Image source: Fitbit.

Fitbit (FIT) won the latest round of its ongoing legal fight with AliphCom's Jawbone when the U.S. International Trade Commission, or ITC, ruled that Fitbit did not misappropriate the latter's trade secrets. Don't expect the fight to end anytime soon, though, as another judge just overturned a previous ruling that will allow Fitbit's patent infringement suit against Jawbone to proceed. It appears the legal battle between the two fitness-tracking device makers is just heating up.

Fitbit: 1, Jawbone: 0

In the long-running legal battle that started in May 2015, Jawbone accused Fitbit of stealing trade secrets and patent infringement. Earlier this year, the U.S. ITC invalidated the sleep monitoring and data output patents Jawbone claimed Fitbit had infringed upon. In the ruling, Judge Dee Lord stated the patents "seek a monopoly on the abstract ideas of collecting and monitoring sleep and other health-related data, and are therefore ineligible." While the patent infringement was just part of Jawbone's claims against Fitbit, the U.S. ITC recently issued another ruling in favor of Fitbit and said the company had not misappropriated trade secrets from Jawbone. The company had been attempting to block the import of Fitbit's devices to the United States under the Tariff Act. Naturally, Jawbone was not pleased with the U.S. ITC's recent ruling and has already announced plans to appeal. 

Although the ruling is a win for Fitbit, other lawsuits between the two companies are still pending in federal and state courts. The claims involved in the lawsuits are basically the same claims in the complaints to the U.S. ITC. Jawbone alleges that Fitbit stole trade secrets when it hired former Jawbone employees and infringed on several of its patents. Jawbone accuses its former employees of stealing at least 335,191 files, which included schematics, manufacturing data, and product launch schedules, when Fitbit first hired them.  

I'm sure Fitbit investors breathed a sigh of relief after the recent U.S. ITC decision, because a ruling in favor of Jawbone would have had a devastating impact on Fitbit's business. In a prepared statement, Fitbit co-founder and CEO James Park said:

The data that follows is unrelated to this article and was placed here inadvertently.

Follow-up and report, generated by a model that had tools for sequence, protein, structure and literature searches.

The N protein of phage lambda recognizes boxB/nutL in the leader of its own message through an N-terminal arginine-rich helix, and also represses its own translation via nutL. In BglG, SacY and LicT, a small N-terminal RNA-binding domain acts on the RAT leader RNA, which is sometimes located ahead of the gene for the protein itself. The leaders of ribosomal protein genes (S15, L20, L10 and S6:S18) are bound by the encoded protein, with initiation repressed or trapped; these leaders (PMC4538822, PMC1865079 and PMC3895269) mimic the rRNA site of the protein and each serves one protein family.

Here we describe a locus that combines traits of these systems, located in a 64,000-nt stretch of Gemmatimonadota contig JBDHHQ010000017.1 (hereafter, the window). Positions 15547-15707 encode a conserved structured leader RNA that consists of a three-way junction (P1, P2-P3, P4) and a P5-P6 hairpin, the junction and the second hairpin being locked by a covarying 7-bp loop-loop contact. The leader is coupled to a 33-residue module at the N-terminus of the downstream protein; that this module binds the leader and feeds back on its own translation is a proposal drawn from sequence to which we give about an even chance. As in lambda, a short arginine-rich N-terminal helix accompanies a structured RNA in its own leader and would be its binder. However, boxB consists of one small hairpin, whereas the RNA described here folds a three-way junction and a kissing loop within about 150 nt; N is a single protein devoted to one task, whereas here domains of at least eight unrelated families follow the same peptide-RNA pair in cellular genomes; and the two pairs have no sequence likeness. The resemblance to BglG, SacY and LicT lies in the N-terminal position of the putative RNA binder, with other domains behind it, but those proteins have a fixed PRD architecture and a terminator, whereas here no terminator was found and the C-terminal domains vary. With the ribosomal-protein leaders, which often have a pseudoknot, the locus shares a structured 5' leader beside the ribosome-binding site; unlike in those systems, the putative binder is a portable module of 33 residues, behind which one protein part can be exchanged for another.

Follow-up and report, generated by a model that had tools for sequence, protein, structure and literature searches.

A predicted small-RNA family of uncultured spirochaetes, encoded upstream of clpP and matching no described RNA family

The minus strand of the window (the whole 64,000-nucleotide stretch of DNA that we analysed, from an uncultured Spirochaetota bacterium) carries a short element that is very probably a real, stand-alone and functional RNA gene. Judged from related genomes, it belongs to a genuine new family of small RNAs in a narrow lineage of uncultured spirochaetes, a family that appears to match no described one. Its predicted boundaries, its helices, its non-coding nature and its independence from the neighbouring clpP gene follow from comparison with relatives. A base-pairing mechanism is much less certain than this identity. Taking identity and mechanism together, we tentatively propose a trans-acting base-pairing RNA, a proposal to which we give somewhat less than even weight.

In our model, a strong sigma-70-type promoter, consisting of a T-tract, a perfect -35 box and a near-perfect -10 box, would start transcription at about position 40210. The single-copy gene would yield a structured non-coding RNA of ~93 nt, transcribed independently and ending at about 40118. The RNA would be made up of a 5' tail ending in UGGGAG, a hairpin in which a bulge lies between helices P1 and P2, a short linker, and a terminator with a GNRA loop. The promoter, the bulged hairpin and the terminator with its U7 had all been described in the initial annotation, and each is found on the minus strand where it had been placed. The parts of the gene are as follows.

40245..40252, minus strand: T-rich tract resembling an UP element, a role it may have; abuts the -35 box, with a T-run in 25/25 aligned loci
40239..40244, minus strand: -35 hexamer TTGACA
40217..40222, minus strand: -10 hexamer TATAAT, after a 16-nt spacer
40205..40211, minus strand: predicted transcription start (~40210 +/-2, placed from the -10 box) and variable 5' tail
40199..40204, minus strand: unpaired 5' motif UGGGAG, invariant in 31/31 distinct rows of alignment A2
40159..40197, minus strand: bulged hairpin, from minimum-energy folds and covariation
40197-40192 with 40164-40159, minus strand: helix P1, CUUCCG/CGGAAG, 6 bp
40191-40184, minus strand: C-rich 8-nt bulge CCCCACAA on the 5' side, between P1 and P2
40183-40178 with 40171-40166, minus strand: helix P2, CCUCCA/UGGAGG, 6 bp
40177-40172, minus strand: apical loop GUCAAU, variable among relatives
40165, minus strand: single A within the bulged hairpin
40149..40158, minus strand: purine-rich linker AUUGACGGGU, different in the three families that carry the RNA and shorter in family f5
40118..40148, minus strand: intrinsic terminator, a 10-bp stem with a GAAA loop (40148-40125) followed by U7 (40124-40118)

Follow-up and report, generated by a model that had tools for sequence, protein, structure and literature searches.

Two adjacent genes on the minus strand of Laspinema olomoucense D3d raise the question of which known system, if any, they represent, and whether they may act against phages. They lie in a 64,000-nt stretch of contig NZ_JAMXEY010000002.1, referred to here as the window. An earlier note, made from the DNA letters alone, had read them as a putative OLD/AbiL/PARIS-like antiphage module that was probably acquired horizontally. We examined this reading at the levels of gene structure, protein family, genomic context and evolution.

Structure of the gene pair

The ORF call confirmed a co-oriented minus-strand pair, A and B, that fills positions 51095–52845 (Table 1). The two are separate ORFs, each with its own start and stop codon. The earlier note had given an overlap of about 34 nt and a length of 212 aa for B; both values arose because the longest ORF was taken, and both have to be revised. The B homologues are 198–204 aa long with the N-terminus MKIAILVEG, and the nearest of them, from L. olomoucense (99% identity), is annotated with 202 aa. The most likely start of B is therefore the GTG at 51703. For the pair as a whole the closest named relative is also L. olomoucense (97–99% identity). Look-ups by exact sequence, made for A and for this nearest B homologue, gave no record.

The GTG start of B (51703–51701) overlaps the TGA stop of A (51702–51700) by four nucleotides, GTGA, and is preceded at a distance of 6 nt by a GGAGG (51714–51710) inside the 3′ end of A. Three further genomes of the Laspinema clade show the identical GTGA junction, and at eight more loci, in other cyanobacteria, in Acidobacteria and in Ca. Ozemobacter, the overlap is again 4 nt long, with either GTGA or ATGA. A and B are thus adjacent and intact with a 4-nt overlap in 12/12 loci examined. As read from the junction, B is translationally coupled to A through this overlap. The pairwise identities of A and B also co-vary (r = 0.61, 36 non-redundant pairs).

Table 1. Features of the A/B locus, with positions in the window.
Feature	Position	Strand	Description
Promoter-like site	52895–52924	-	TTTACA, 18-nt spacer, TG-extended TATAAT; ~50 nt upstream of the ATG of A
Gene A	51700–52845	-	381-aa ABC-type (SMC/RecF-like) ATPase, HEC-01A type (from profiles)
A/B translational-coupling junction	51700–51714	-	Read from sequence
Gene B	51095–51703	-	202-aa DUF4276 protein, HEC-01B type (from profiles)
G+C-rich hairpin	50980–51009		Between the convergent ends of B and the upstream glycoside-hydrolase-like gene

We are pleased with the ITC's initial determination rejecting Jawbone's trade secret claims. From the outset of this litigation, we have maintained that Jawbone's allegations were utterly without merit and nothing more than a desperate attempt by Jawbone to disrupt Fitbit's momentum to compensate for their own lack of success in the market. 

Fitbit: 2, Jawbone: 0

Fitbit had also filed a lawsuit against Jawbone last November alleging that Jawbone had infringed upon three of its patents and sought to block the import of Jawbone's devices to the United States -- sounds familiar, right? Earlier this year, a U.S. ITC judge ruled that Fitbit's three patents at the center of the case were invalid and stopped the case from moving forward. Fitbit appealed the decision, and the U.S. ITC found the trade court's ruling invalidating two of the patents focused on heart rate monitoring and portable monitoring devices was wrong. It did uphold the ruling that the third patent was invalid, however.  

So that was another win for Fitbit in its ongoing legal battle. The tables have turned for Jawbone as this ruling clears the way for Fitbit to attempt to block Jawbone from importing its products. But it could be a while before rulings are issued in the various pending cases. Depending on their outcomes, a ruling in favor of either company could prove to be very advantageous -- and potentially devastating to the loser.